May is Ultraviolet Awareness Month: Know the Dangers of UV Radiation
While it feels good being outdoors, we have to acknowledge the fact that it is not all glitter and gold. Too much sun has its own disadvantages – its ultraviolet light can destroy us faster than we know. As a result of the dangers associated with UV, the month of May has been set as Ultraviolet Awareness month. Studies have shown that 20% of cataract cases are a result of UV rays. Sadly, this number has been rising in recent years.
What is Ultraviolet Light?
Ultraviolet radiation refers to the invisible high energy rays that come from the sun. Since they are invisible, our naked eyes cannot see them. Most notably, these rays are UVA, UVB and UVC. Ultraviolet light is classified depending on how strong the UV rays are.
- UVC: Fortunately, the upper atmosphere absorbs these so they do not reach us. Because of this, it is not necessary to get protection from these rays.
- UVB: Sadly, these manage to make it to the earth’s surface and are notorious for damaging sight. Specifically, they can cause snow blindness. But they are also bad for the skin as they are famous for causing sunburn and other types of skin cancer. Research has shown that these rays are strongest during the summer and at higher altitudes.
- UVA: These are the most dangerous and are known for causing chronic eye damage. Studies have indicated that these rays get absorbed by the lenses of our eyes leading to damage of the retina. This contributes to the occurrence of cataracts. Not only that, but they are also a major cause of aging. What makes them even worse is that they can pass through clouds, glass, water and clothing.
But we should not be looking at the glass as being half empty. As a matter of fact, some Ultraviolet light is good for us. UV stimulates the production of vitamin D. Just 5 to 15 minutes of exposure to the sun is enough to achieve this.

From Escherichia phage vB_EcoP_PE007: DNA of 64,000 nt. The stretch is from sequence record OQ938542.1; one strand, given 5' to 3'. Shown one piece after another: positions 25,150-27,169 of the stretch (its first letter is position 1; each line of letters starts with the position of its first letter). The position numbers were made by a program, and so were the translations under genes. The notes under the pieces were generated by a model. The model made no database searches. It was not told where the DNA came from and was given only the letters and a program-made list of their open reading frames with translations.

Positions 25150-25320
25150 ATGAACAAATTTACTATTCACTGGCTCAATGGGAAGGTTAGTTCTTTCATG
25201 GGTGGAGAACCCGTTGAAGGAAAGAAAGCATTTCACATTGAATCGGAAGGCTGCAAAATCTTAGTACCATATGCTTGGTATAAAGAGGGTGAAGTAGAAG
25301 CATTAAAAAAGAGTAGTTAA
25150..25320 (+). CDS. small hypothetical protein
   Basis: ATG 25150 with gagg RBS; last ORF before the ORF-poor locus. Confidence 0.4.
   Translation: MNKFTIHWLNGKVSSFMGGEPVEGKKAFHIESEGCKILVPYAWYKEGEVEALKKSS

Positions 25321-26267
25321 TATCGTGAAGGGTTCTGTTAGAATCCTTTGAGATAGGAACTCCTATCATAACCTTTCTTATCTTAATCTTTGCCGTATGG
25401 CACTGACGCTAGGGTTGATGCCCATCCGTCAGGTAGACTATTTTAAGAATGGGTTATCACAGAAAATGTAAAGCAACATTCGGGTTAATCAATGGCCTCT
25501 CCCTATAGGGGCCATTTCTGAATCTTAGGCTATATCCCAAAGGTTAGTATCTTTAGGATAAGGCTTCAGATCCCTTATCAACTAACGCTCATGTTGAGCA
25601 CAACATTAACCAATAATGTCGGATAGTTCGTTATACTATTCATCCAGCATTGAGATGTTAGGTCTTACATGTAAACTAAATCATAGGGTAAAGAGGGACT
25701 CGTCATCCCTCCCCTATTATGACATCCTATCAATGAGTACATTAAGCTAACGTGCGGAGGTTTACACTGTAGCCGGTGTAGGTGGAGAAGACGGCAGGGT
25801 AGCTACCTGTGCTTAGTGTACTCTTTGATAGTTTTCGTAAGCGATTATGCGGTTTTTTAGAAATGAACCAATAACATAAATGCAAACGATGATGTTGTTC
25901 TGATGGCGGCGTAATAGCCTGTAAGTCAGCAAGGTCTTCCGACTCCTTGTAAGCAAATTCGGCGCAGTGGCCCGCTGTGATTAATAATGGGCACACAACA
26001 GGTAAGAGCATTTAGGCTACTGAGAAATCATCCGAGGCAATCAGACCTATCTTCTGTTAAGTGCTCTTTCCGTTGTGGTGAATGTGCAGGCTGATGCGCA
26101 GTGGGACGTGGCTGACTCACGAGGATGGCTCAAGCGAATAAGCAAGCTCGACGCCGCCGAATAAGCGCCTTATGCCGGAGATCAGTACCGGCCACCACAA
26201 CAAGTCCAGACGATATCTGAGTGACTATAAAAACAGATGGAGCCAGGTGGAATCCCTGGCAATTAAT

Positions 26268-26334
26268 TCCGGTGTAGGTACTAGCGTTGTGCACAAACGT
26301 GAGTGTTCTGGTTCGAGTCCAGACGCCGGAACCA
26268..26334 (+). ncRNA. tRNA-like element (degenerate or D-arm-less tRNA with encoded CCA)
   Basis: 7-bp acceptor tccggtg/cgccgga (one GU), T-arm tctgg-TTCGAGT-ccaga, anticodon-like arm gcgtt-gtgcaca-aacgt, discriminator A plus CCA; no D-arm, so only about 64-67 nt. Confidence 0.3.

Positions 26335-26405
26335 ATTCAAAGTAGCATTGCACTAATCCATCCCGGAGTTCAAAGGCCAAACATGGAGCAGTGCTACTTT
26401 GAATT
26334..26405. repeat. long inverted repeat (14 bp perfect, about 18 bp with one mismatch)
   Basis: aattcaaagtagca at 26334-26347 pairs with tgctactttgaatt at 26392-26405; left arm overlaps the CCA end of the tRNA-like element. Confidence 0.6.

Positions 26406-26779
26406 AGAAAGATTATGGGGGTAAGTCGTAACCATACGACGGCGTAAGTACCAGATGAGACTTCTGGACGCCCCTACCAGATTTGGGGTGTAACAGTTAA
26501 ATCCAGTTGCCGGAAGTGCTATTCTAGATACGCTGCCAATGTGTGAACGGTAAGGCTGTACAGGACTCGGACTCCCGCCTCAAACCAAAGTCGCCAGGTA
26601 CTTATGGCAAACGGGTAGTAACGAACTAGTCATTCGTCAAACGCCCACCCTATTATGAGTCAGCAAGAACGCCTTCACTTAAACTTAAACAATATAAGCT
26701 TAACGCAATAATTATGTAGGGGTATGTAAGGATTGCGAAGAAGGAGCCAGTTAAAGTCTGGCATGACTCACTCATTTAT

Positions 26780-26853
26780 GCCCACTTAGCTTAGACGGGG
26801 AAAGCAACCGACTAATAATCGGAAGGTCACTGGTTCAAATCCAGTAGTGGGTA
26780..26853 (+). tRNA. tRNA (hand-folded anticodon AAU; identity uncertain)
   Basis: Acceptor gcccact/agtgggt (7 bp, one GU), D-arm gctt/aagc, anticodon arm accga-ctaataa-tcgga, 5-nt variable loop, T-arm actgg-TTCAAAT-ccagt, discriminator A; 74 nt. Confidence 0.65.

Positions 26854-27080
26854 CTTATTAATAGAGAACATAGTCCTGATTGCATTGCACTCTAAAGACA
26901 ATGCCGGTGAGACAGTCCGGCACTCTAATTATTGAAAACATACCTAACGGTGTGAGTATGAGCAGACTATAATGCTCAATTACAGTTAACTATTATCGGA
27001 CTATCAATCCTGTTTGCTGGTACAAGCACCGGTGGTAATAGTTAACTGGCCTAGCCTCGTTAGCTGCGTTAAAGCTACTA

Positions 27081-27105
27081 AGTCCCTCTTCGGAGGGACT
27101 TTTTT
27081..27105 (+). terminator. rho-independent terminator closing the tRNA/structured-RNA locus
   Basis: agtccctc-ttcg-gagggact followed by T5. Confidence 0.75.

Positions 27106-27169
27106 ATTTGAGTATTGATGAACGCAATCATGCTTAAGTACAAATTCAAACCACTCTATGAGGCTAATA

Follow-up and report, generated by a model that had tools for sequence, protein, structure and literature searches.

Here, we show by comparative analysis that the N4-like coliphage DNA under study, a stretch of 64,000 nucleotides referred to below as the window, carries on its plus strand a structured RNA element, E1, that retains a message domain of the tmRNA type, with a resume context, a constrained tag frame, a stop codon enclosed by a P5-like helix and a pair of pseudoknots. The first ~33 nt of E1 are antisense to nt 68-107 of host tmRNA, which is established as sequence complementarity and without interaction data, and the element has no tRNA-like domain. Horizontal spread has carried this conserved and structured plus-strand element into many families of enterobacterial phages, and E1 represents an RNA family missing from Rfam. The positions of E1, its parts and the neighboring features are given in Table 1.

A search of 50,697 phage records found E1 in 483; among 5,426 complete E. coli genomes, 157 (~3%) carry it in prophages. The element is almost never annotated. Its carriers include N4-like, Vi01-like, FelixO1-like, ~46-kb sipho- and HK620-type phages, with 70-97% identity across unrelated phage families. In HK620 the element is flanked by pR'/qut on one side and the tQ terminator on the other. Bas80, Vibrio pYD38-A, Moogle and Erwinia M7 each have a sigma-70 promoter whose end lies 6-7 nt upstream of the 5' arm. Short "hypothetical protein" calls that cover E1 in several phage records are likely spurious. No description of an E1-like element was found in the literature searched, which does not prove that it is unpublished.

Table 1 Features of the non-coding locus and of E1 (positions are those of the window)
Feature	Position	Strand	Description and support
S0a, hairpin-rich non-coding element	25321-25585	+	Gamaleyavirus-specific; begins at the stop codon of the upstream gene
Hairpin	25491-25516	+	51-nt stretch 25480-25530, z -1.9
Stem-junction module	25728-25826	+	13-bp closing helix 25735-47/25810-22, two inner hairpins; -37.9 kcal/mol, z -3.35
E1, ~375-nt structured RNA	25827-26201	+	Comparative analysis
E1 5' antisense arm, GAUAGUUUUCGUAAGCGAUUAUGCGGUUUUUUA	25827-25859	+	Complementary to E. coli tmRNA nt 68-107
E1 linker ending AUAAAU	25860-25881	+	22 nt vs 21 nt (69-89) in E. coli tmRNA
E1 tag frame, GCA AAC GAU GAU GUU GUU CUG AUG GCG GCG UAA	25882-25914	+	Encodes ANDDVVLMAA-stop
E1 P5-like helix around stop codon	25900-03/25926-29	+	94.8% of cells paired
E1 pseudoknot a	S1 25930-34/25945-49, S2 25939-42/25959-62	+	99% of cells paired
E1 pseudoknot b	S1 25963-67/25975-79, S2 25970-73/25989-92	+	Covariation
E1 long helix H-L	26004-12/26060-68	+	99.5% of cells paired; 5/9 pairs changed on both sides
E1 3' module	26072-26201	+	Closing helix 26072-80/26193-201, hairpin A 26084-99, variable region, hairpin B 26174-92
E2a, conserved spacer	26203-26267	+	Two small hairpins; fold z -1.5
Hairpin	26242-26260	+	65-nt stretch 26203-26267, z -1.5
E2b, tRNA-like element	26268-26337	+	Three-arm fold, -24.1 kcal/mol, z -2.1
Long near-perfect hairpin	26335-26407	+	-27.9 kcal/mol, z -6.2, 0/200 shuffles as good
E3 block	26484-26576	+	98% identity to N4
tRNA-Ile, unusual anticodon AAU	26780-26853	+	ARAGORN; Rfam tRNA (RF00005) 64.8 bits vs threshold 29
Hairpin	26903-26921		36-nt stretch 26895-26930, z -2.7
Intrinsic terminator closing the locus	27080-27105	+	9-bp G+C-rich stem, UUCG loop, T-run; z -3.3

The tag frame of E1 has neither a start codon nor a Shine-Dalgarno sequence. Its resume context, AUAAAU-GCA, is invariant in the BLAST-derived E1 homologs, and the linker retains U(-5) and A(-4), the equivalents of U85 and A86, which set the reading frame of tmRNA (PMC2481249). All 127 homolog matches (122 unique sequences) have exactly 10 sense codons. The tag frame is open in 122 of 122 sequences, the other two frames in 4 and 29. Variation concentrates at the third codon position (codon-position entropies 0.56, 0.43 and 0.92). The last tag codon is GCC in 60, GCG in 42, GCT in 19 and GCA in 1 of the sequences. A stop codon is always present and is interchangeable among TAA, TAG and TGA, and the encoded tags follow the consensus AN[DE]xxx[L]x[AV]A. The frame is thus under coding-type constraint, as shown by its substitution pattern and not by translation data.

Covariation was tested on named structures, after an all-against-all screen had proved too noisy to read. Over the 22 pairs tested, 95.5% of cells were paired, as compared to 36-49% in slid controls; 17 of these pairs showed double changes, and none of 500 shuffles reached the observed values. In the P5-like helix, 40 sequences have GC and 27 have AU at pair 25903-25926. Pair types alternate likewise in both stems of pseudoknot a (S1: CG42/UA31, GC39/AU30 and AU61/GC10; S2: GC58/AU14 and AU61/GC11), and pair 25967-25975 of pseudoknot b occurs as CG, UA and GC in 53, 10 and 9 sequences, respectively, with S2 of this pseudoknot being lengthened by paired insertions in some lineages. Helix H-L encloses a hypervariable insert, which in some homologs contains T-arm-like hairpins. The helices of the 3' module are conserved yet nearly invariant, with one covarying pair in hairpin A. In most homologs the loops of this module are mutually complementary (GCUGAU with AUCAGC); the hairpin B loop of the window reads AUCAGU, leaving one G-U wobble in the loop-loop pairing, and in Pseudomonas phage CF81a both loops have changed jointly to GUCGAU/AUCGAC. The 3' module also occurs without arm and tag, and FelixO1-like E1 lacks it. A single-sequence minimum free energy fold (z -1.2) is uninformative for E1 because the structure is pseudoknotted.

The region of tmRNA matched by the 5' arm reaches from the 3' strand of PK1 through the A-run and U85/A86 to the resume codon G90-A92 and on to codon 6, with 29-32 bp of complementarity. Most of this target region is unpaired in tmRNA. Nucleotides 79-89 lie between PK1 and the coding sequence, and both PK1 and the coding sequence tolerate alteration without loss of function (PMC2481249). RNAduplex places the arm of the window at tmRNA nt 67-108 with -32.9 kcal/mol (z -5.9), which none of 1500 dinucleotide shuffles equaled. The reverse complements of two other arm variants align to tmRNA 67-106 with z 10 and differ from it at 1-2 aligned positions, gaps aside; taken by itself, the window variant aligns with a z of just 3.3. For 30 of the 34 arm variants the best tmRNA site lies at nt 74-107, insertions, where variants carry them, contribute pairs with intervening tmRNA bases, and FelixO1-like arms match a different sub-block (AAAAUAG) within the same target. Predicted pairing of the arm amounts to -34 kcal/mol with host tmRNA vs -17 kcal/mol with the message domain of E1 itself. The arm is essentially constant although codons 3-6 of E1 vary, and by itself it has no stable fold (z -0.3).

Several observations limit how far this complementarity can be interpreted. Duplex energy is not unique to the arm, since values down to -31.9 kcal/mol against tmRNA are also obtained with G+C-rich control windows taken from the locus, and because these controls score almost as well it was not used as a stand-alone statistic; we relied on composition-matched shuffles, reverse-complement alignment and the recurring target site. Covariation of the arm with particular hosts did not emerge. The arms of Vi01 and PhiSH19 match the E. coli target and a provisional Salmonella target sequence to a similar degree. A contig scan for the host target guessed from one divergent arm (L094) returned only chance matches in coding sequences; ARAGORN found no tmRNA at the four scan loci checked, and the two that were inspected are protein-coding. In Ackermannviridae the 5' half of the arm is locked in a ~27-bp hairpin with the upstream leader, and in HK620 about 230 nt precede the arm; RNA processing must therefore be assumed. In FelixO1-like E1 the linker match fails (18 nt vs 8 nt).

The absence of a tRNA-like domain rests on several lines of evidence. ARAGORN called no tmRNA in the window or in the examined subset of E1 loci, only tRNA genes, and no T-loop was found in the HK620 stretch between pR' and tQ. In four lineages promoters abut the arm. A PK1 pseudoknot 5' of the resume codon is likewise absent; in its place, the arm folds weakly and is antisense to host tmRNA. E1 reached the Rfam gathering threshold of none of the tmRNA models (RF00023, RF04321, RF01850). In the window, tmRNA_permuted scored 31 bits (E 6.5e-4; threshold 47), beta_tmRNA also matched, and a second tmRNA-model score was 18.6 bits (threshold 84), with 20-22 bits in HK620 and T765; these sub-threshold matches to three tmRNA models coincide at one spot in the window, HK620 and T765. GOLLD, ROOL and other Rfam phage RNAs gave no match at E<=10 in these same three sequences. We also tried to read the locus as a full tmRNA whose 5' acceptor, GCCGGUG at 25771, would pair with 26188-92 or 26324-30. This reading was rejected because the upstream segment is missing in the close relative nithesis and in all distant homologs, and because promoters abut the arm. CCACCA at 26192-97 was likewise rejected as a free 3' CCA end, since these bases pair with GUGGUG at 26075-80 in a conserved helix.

Dangers of Ultraviolet Light:
Ultraviolet light affects the skin and eyes like stated above. From studies conducted, we now know that prolonged exposure can cause blindness and loss of vision. Not only this, but it can also cause several types of skin and eye cancers.
Treatment and Prevention:
Since there are different conditions that can result from excessive sun exposure, some are treatable, and others are not. Sunburn, for example, will disappear in days. As for cancers, you can have a surgery; the cancer just needs to be identified early. Other conditions, however, are difficult to treat. One of these is blindness.
Preventing the negative effects of ultraviolet light is simple. First and foremost, you must limit your exposure to the sun. In addition to that, you should never head outside without a form of protection. You must invest in sunglasses that block 100% of UVA and UVB rays. To make it even better, try to wear a broad-brimmed hat to protect your skin.
It is known that the sun’s rays are strongest from 10 am to 2 pm. So, avoid being out at this time. And remember to get an eye exam at least once a year. Since no one is immune from this, always have UV protection at all times. Choose the right sunglasses and wear a hat when outside. Additionally, you should never forget children since they are the ones who spend most of the time playing outdoors. So, get them appropriate sunglasses too and teach them the dangers of UV. And lastly, you should spread the word to all those you know – you might just save them from the negative effects of UV.